New homeless households outnumber new social homes by six to one

30 November 2023

National Housing Federation analysis of the latest affordable housing figures[i] and homelessness statistics[ii], has found that for every new social home built in England last year (2022/23), six households were accepted as homeless by their local council.

Government figures show that 52,800 households were accepted by their local council as homeless last year (2022/23) including 30,300 families with children – this equates to 145 households and 88 families every day.[iii] In comparison, only 8,386 new social rented homes were built in the same period – equivalent to just 23 per day. There was a net total of 9,561 additional social rent homes last year, including acquisitions, a figure that has fallen by a staggering 76% since 2010.[iv] Social rented homes are typically 50% of market rents and the only homes affordable to homeless families.

To prevent rough sleeping, where possible homeless people and families are housed by the council in emergency accommodation, including hostels with shared facilities and bed and breakfasts. Government figures released today reveal there are now 105,750 households living in temporary accommodation, including 138,930 children. These levels are the highest since records began.[v]

As a result of rising homelessness, largely caused by the severe shortage of social homes, government spending on emergency accommodation and homelessness prevention has drastically increased. English councils spent a record £1.74bn on temporary accommodation between 2022/23 which represented 9% of their annual budget.[vi] Total spending on temporary accommodation has increased by 62% in the last five years alone.[vii] In addition, the shortage of social homes means more and more families on low incomes are forced to live in expensive and insecure private rented homes, leading to a sharp rise in government spending on housing benefit. According to the Institute of Fiscal Studies (IFS), the housing benefit bill has doubled since the early 2000s.[viii]

The current crisis has been caused by decades of underinvestment in affordable homes by successive governments. In 2010 the government cut funding for affordable housing by 63%, the biggest cut to any capital budget at the time.[ix] It also cut all funding for new homes at social rents. This led to a rapid decline in the number of new social homes being built, thereby intensifying an already existing shortage. While in recent years, the government has allowed grant funding to be used to build homes for social rents, funding remains at historically low levels. According to NHF research, there are now 4.2 million people in need of social housing in England, including homeless people and those in overcrowded, unaffordable and unsuitable homes.[x]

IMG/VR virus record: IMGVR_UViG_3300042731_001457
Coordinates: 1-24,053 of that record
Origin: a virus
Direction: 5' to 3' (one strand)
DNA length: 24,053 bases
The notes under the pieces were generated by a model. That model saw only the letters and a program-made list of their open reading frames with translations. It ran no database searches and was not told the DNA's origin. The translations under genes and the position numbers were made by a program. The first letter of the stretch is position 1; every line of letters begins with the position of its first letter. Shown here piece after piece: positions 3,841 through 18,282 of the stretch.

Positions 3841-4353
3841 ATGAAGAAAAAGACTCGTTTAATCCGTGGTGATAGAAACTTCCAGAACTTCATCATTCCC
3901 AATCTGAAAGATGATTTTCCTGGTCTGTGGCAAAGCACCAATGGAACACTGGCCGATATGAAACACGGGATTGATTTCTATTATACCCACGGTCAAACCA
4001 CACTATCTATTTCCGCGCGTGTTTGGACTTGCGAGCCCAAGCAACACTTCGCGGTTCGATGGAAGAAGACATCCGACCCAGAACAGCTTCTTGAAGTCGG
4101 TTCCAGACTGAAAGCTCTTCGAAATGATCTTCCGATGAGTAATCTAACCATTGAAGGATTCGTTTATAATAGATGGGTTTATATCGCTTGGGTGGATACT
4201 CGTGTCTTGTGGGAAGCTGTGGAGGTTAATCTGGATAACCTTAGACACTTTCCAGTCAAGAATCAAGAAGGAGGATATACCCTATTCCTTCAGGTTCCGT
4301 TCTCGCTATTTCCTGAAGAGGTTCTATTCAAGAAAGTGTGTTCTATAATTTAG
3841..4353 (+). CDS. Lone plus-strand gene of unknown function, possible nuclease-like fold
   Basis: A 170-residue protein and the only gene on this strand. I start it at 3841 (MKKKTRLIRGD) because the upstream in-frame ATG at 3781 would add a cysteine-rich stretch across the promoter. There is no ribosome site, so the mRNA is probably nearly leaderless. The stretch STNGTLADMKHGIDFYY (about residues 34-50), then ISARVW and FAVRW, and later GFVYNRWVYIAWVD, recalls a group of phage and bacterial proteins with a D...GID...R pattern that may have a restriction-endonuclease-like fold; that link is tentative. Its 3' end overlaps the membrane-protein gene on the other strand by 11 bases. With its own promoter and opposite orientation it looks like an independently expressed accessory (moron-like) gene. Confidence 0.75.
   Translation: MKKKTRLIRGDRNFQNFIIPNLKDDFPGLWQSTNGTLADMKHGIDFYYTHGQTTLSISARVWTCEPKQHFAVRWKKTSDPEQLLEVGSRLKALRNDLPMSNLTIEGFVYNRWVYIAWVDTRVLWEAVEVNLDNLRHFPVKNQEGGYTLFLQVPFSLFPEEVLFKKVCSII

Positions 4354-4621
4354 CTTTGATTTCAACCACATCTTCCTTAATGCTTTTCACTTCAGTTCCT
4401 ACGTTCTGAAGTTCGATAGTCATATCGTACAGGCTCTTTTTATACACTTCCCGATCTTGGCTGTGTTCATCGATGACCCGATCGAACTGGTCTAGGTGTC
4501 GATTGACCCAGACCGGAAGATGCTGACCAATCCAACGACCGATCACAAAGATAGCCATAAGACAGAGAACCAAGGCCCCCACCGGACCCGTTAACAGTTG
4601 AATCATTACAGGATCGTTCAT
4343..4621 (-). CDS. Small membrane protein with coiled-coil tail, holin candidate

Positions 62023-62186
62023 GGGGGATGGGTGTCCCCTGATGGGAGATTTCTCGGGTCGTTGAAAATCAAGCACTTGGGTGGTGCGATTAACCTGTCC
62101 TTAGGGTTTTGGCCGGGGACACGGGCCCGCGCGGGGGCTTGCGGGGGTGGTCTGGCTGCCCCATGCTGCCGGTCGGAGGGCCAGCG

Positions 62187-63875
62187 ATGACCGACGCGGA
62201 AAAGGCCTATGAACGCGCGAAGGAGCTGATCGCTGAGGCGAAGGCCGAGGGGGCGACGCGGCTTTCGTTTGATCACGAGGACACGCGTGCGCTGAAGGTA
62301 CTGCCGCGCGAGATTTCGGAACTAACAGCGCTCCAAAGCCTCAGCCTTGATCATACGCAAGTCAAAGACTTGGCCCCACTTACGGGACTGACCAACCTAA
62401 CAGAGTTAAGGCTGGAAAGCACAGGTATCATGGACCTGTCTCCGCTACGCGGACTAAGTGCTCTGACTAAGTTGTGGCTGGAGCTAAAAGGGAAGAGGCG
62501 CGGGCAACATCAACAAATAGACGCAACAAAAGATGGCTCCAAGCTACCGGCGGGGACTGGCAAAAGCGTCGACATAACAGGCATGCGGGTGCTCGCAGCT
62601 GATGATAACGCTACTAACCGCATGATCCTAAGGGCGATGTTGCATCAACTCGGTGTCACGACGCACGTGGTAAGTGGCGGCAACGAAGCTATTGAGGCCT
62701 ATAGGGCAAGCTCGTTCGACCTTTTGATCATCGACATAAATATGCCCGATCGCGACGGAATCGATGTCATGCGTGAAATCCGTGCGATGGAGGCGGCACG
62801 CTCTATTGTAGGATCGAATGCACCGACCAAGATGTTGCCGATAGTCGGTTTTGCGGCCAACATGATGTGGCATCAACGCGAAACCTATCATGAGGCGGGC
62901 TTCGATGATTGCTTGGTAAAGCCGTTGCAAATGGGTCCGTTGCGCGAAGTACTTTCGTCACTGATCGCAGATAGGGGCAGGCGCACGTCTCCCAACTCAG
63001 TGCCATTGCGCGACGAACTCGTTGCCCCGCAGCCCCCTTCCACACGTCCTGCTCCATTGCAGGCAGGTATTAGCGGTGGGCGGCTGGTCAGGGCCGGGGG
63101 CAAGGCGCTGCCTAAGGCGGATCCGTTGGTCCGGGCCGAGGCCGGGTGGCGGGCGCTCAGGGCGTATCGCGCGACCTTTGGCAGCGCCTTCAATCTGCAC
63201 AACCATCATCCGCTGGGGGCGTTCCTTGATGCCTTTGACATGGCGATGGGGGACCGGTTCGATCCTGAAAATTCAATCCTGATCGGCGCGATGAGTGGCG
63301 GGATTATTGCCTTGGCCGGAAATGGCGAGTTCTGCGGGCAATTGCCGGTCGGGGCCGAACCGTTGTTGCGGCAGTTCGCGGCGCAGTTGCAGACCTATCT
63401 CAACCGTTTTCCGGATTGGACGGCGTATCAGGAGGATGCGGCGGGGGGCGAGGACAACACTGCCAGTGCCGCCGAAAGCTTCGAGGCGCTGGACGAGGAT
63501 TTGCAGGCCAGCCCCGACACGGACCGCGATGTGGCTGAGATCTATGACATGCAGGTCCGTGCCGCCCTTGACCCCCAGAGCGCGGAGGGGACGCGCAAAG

Despite already reaching record levels, the number of homeless households and families is set to continue worsening at a rapid rate, without urgent action from the government. Research carried out by Pragmatix Advisory, on behalf of the NHF, highlighted that the numbers of children in temporary accommodation is estimated to reach 150,000 by 2030. This would be the equivalent of six children in every school in England living in emergency accommodation.[xi]

Ahead of the next general election, the National Housing Federation is calling on all political parties to commit to a long term national plan to solve the housing crisis, which prioritises social housing.

Kate Henderson, Chief Executive of the National Housing Federation, says:

“The disparity between rising homelessness and the delivery of new social homes puts into stark perspective just how far away we are from tackling England’s worsening housing crisis. Our research shows we need to build 90,000 socially rented homes each year to house all those in need including homeless families, more than 10 times the number built last year. As homelessness continues rising at record levels, we need comprehensive action to ramp up delivery of social homes to the numbers needed.

“The chronic shortage of social housing is having wide ranging impacts, not only for those becoming homeless and living in poverty and overcrowding, but also in the private rented sector where increased demand from people who cannot access social housing has pushed up rents and in turn house prices. This is also costing the government and indeed the taxpayer huge sums, with costs of temporary accommodation, homelessness prevention and the housing benefit bill soaring.

“This crisis is the result of decades of underinvestment and short-term decisions on housing policy by successive governments. This piecemeal approach must end. As we head towards the next election, we urge all political parties to commit to a national long-term housing plan that prioritises social housing.”

[i] DLUHC, Affordable Supply, 2022/23

[ii] DLUHC, Statutory Homelessness Statistics, 2022/23

[iii] DLUHC, Statutory Homelessness Statistics, 2022/23

[iv] DLUHC, Affordable Supply, 2022/23

[v] DLUHC, Statutory Homelessness Statistics, January-March 2023


[vii] From £0.986187 billion in 2017/18 to £1.596753 billion in 2022/23. MHCLG for the 17/18 figures and DLUHC for the 22/23.


[ix] The_Lyons_Housing_Review_2.pdf (

[x] National Housing Federation - People in housing need 2021

[xi] National Housing Federation - Nearly five million households will live in unaffordable homes by 2030

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